There aren't many things that bring a fresh from the garden taste to meals than using fresh herbs. The added bonus is many of them have wonderful antioxidants and other healthy properties.
The big thing to remember is that you'll need three times the amount of dried herbs. Also you'll want to cut them into small pieces to release more of their wonderful oils and flavor.
Another thing to note is that fresh herbs should be added at the end of your cooking -- about 20 to 45 minutes before a meal is ready. The longer food is cooked, the more herb flavor you'll lose. Herbs such as basil, chives, cilantro, dill leaves, parsley, marjoram and mint should be added just minutes before serving.
My family grows basil parsley on their patio, and they are great additions to almost any dish out there-even if it's a vegetable dish! We use basil to make pesto sauce, all you need to do once it's blended and prepared is use a little light butter and add it to your pasta.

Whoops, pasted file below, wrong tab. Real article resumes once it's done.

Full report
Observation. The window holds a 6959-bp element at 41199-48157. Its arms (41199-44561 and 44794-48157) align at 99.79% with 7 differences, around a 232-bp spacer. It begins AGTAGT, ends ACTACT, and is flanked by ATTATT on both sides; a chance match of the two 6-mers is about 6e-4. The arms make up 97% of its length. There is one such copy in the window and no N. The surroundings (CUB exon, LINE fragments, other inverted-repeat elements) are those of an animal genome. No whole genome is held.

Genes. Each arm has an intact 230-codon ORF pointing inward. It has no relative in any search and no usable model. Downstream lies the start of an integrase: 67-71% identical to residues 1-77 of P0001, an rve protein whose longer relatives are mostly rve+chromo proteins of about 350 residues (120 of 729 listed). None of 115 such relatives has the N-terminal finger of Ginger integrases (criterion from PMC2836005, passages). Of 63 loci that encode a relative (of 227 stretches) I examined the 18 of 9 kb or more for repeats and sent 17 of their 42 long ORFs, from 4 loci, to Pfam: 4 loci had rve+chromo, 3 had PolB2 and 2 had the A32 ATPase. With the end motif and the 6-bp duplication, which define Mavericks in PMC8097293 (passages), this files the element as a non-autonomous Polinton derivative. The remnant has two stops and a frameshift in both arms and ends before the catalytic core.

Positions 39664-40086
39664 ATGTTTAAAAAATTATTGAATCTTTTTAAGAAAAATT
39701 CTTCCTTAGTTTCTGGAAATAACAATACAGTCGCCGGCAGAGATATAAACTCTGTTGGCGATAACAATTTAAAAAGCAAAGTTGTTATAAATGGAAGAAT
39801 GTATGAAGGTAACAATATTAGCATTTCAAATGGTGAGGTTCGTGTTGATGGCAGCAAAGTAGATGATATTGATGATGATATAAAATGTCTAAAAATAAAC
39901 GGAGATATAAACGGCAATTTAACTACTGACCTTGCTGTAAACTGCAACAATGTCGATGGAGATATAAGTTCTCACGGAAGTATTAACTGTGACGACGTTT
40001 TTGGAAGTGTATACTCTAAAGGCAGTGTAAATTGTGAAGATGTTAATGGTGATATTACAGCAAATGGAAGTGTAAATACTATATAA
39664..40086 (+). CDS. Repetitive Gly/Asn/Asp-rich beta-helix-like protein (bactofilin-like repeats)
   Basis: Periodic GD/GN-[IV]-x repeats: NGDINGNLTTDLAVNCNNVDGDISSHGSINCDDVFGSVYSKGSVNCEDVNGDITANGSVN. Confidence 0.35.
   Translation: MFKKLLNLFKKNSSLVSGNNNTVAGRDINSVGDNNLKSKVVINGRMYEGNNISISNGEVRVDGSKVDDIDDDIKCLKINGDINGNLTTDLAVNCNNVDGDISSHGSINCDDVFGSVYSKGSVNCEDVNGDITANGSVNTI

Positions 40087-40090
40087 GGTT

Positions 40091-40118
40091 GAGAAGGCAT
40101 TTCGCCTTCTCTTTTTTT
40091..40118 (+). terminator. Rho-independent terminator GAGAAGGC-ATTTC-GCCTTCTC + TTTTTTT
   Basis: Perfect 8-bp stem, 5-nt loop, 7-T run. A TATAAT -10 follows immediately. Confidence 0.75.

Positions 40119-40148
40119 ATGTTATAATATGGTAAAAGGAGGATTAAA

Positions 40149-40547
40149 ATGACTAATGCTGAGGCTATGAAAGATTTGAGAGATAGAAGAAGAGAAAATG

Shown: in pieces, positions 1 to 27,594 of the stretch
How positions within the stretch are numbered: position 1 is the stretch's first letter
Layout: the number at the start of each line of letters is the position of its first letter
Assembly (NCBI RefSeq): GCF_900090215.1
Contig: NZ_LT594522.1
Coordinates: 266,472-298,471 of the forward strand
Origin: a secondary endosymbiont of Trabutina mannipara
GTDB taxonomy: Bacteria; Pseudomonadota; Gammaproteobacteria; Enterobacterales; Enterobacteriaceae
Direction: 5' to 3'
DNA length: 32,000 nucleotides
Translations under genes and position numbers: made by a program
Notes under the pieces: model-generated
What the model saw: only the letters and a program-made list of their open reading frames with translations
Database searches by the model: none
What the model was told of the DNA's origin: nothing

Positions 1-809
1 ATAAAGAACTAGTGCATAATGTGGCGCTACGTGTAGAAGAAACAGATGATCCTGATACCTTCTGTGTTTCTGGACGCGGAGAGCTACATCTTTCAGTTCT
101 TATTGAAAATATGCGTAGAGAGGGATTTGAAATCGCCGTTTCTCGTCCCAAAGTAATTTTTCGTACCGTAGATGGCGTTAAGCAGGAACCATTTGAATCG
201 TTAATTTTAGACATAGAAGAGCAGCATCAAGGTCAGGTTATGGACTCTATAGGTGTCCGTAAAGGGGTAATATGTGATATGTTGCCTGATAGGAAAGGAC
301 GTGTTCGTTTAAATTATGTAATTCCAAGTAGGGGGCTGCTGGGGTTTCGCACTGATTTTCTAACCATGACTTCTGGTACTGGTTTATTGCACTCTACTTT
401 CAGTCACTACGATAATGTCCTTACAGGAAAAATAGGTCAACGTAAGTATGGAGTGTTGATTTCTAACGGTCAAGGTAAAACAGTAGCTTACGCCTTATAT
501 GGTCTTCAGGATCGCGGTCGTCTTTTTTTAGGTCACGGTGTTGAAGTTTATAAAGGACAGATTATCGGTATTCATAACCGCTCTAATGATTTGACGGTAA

Here are some tips: often, you can use less of a fresh herb than the weight of its dried cousin -- the taste is more pungent. I am whatever the opposite of a green thumb is. I know of the laziest party people who take better care of plants than I do. That being said, I have some rosemary that I left outside in the snow. I guess they are of the same family as the fir tree or something... it is alive and the flavor is even STRONGER! I only have to use one or two leaves in a whole pot of sauce.